Before he was Dr. McDreamy, Patrick Dempsey was Ronald Miller.

Ronald Miller was the hero of the ‘80s film “Can’t Buy Me Love,” about a nerdy high school student desperate to be accepted by the cool kids.

When popular cheerleader Cindy Peterson suddenly needs to replace a wine covered dress, Ronald gives her the cash to do it. The catch? She has to pretend to be his girlfriend so the jocks will like him.

She does.  They do.  There are laughs. There are kisses. Then it falls apart when Ronald’s scheme becomes public, ending with a showdown in – where else – the school cafeteria.

And once again the parallel between 1980’s rom-coms  and Alberta politics are striking (okay, stay with me here).

As someone who’s never been part of a political party, I’m still struck by the intimacy within them. I’ve especially noticed it at party conventions, where people from opposite sides of the province chat over coffee like next door neighbours while their kids latch on to each other and play.

It’s a lot like family.

I wonder if that’s why the sense of betrayal among people in the Wildrose and Progressive Conservative parties is so acute.

It likely began nearly two decades ago, when lifelong Tories broke away to form a handful of successive political movements that ultimately led to the current Wildrose .

And it was exacerbated by the mass floor crossing two-and-a-half years ago, where 9 Wildrose MLAs did the reverse.

I wasn’t surprised at the outrage from Wildrose supporters and remaining MLAs when more than half the caucus joined the PCs. They perceived those 9 MLAs as turning their backs on their colleagues and more importantly, the people who voted them into office in what appeared to be a feeble, collective power grab.

But what always did surprise me was the anger from within the PC party.  Most didn’t see this as a stunning recruitment of valuable seats in the legislature.

Instead, they saw the Tories turning on their own - welcoming their harshest critics, many former Tories themselves, who’d lashed out at and publicly embarrassed the party who’d led Alberta for half a century.

It caused the one thing more powerful than political dominance.

Hurt feelings.

What was supposed to be a major coup, guaranteeing another generation of PC leadership, instead pulled apart the foundation out of the party, prompting a rapid implosion and culminating in the NDP’s first victory 6 months later.

By then every one of the floor crossers was out of a job.

In fact, several were cut loose long before the election, denied the chance to even run again, including leader Danielle Smith.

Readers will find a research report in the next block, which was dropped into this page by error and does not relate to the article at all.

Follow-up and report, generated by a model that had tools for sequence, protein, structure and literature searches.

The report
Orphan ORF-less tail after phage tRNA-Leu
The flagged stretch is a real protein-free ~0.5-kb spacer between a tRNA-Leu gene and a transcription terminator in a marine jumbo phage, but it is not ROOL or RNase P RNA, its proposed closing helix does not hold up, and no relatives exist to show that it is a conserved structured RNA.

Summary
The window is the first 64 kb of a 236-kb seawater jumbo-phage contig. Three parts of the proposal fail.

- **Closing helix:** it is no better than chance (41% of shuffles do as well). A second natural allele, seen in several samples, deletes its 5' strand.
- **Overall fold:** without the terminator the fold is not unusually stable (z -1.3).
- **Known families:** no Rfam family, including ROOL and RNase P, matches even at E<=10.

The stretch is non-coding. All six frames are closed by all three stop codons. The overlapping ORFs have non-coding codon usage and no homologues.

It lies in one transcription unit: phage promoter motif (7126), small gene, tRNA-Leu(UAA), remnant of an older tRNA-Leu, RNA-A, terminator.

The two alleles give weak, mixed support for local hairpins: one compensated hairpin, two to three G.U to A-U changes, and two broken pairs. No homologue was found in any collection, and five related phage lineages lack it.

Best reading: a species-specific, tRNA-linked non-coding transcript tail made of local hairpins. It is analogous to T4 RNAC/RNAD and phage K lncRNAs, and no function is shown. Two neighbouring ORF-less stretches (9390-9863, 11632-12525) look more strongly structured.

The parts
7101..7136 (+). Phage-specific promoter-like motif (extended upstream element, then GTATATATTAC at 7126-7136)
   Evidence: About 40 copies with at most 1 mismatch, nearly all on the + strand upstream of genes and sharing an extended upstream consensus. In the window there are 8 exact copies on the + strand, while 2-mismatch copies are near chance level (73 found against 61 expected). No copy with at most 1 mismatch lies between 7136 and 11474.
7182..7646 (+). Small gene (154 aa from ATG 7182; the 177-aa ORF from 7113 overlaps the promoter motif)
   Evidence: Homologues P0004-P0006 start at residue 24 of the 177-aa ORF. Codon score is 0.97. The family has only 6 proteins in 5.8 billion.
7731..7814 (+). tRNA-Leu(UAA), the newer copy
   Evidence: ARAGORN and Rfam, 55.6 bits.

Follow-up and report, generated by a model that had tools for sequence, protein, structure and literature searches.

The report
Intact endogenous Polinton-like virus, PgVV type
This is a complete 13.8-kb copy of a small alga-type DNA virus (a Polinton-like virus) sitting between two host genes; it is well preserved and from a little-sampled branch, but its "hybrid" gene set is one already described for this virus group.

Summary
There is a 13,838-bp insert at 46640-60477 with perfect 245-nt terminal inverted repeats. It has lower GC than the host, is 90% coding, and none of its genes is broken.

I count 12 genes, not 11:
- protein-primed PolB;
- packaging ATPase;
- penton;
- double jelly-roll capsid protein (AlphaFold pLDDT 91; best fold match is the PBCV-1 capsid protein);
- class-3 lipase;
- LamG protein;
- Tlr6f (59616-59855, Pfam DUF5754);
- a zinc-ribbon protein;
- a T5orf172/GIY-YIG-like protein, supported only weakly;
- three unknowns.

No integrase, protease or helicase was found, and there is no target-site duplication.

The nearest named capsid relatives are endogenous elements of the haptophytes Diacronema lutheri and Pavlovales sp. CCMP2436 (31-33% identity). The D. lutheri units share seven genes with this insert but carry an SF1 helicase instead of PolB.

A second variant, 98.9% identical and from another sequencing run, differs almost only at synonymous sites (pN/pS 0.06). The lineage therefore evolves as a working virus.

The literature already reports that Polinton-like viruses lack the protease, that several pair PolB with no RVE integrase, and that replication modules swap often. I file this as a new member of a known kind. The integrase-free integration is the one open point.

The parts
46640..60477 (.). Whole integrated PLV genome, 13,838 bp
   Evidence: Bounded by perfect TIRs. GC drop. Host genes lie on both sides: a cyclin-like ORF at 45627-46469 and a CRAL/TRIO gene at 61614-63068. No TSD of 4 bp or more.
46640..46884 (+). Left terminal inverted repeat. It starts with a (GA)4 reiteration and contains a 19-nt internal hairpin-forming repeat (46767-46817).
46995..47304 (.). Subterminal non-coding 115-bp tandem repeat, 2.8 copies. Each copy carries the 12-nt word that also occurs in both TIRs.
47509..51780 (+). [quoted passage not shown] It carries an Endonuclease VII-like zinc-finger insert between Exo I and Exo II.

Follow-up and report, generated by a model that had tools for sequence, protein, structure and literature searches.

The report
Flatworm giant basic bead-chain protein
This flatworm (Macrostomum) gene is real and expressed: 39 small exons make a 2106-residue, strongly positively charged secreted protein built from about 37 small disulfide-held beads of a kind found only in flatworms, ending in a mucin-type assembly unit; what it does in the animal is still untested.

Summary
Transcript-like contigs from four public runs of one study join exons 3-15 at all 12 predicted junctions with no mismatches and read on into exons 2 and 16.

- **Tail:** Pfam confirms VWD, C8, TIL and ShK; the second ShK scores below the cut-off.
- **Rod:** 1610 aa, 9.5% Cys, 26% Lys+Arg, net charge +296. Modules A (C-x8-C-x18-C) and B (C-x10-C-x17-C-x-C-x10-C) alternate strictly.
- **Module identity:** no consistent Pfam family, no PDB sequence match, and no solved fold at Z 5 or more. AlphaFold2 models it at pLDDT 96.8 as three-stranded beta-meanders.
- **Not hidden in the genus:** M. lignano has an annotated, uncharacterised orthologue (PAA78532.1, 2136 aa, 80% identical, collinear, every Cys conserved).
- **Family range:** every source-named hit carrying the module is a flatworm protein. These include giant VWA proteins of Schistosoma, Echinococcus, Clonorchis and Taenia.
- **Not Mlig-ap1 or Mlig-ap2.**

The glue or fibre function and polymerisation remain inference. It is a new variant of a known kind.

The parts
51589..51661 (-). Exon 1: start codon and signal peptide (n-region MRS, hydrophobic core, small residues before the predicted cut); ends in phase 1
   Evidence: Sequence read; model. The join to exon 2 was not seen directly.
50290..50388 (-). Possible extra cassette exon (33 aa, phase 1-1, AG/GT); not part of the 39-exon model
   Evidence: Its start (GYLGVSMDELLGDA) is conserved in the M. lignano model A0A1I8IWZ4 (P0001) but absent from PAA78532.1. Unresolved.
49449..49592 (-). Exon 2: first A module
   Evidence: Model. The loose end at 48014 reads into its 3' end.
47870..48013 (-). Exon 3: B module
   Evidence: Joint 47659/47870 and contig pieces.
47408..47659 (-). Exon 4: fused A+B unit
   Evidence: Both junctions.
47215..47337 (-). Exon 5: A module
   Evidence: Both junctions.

Now, the Wildrose and PC’s are on the cusp of uniting.

It’s intriguing to hear interpretations of the floor crossings from either side now.

Some say the upcoming unification vote justifies what happened back then– essentially, that the floor crossers weren’t wrong, they were simply ahead of their time.

More vocal are the ones who say the opposite.

They say they weren’t angry about the two sides joining forces, they were angry about the way it played out – without the blessing or permission of the rank and file.

There have been calls to bar the floor crossers from ever running for a new united party, forever wearing their betrayal like a scarlet letter.

Still, others say that’s undemocratic; antithetical to a party vowing to be built on the grassroots.

Through all of that, there are many people in each party genuinely interested in reaching out to each other – above board.

This takes us to Kenneth.


Kenneth was Patrick Dempsey’s friend in “Can’t Buy Me Love.”  He also ended up hanging with the cool kids.  But he didn’t buy the pretty girl a dress or pretend to be her boyfriend. He tutored the cheerleaders in math. 

The girls accepted him on his merits.  So did the jocks.

The movie ended with forgiveness all around and, as most ‘80s teen comedies… a slow clap.

It’s tough to know how many of the hurt feelings have subsided – including those of the 9 MLAs who made the career-crushing decision.

As several supporters of both parties have said, at least this time they’ll have their say, even if the outcome is the new united party attempted by a handful of people last time.

Everyone will get a vote.

Everybody will get to decide.

Cue the slow clap.